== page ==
Kassian’s exceptional performance earned him a place in three All-Star exhibitions. Early in the season, he represented Team OHL in games against a select team of Russian juniors as part of the annual Subway Super Series.
Subsequently, he suited up for the Eastern Conference in the OHL All-Star Classic, contributing with a goal and an assist. Finally, he participated in the 2009 CHL Top Prospects Game for Team Cherry, a match where he delivered a hit that injured John Tavares.
As the 2009 NHL Entry Draft approached, Kassian ranked 10th among eligible prospects in North America, with goaltenders excluded, according to the NHL Central Scouting Bureau (CSB).
Chris Edwards, a representative of the CSB, showered Kassian with praise, hailing him as “one of the most tenacious players in the OHL and arguably the entire draft.” Edwards emphasized Kassian’s remarkable combination of playmaking skills and adept puck-handling abilities.
Recognized as a power forward, Kassian drew comparisons to players like Milan Lucic, as well as retired NHL All-Stars Cam Neely and Keith Tkachuk.
His exceptional skills and performance on the ice earned him a coveted spot as the 13th overall pick in the first draft round selected by the Buffalo Sabres.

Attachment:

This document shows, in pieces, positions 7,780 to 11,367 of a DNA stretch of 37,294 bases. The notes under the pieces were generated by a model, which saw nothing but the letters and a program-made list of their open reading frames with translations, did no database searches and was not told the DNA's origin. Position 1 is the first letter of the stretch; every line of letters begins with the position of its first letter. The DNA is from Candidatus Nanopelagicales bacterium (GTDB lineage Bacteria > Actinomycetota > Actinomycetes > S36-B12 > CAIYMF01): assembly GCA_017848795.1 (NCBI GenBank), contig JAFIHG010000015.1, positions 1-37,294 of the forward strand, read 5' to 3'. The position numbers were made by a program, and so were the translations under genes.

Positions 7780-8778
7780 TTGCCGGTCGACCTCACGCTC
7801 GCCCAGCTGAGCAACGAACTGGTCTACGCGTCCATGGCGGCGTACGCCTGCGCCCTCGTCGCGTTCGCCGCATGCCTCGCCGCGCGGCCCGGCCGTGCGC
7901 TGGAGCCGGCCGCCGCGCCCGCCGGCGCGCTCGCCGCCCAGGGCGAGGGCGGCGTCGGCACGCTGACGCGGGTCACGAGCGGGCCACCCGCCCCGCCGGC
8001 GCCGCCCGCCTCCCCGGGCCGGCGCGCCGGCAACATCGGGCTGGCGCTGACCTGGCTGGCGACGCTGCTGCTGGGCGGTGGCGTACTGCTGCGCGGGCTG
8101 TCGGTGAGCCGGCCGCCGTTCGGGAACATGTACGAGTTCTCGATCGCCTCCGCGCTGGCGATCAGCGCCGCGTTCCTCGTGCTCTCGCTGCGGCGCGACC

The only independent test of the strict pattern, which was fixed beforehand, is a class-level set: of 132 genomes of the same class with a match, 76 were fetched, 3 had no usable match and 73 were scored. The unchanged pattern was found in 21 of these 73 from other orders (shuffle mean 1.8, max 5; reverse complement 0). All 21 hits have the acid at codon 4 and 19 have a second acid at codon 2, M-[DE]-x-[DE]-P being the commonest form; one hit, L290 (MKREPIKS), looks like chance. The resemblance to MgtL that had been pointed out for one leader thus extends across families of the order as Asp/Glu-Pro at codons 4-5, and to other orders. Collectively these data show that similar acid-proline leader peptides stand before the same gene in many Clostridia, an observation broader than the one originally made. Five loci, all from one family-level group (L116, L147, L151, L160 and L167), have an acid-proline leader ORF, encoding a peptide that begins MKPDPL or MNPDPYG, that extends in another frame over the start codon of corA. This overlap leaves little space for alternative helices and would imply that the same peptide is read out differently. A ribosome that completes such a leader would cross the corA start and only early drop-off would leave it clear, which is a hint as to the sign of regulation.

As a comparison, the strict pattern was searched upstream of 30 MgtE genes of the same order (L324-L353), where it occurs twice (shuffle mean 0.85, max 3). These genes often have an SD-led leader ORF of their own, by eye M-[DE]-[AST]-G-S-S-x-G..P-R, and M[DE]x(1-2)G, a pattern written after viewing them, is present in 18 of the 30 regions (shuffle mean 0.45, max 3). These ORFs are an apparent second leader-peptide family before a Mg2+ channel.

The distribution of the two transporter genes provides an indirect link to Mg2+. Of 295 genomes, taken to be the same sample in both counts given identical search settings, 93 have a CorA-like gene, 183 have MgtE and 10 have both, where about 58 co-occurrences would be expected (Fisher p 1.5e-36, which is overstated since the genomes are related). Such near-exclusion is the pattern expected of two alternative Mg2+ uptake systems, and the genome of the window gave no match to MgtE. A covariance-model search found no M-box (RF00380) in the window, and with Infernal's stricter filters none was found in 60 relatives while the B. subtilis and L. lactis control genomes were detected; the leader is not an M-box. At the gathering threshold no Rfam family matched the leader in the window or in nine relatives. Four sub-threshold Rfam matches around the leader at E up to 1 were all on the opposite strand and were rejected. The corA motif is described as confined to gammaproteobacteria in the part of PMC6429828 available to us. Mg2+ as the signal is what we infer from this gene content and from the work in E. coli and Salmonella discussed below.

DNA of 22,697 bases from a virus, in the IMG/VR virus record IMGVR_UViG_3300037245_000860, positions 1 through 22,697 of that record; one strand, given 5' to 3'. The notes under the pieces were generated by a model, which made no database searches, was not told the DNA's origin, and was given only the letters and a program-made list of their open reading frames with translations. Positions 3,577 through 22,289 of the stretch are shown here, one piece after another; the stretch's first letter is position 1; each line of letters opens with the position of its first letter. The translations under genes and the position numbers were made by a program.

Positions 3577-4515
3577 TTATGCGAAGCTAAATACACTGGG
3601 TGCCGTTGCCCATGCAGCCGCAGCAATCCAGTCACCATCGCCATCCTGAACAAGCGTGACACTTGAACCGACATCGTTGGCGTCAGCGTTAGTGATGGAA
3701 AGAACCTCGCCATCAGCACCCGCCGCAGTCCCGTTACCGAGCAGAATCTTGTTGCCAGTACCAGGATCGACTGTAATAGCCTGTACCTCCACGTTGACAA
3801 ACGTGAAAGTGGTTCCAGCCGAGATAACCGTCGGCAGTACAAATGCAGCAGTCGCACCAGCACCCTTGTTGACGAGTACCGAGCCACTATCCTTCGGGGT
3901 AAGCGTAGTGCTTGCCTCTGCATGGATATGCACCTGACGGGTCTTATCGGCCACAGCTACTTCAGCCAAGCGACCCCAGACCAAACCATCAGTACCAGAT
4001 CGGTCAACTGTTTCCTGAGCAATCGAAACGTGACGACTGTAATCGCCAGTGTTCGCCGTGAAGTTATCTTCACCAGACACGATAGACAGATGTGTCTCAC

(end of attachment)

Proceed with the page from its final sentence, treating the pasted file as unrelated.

Kassian subsequently attended his first NHL training camp in September 2009 but was returned to Peterborough to continue his junior career. Back with the Petes, Kassian was chosen to fill the role of team captain, taking over for Zach Harnden, who had moved to the Kingston Frontenacs.
However, his time with Peterborough was marked by a suspension due to breaking curfew, and after 33 games into the 2009–10 OHL season, he was traded to the Windsor Spitfires.
Shortly after joining the Windsor Spitfires, Kassian faced a 20-game suspension from the league for a hit to the head of Barrie Colts forward Matt Kennedy during a game in January 2010.
Despite the ban, he managed to play 38 games between Peterborough and Windsor, amassing 12 goals and 31 points. Returning from the suspension in time for the 2010 playoffs, Kassian made a significant impact with seven goals and 16 points over 19 games, contributing to Windsor’s victory in the J. Ross Robertson Cup as OHL champions.
This victory secured Windsor’s qualification for the 2010 Memorial Cup, Canada’s national major junior championship, which they also won. In the final, where they defeated the Brandon Wheat Kings 9–1, Kassian played a crucial role with a goal and an assist.
However, following the Memorial Cup win, Kassian found himself in legal trouble after an altercation at a bar in Downtown Windsor on May 30, 2010.
He was charged with assault but later reached an agreement in October 2010. The charge was dropped in exchange for 25 hours of community service, a $500 donation to charity, and payment for the victim’s dental work.
Notably, a conviction could have jeopardized Kassian’s ability to cross the border into the United States, which could have affected his hockey career.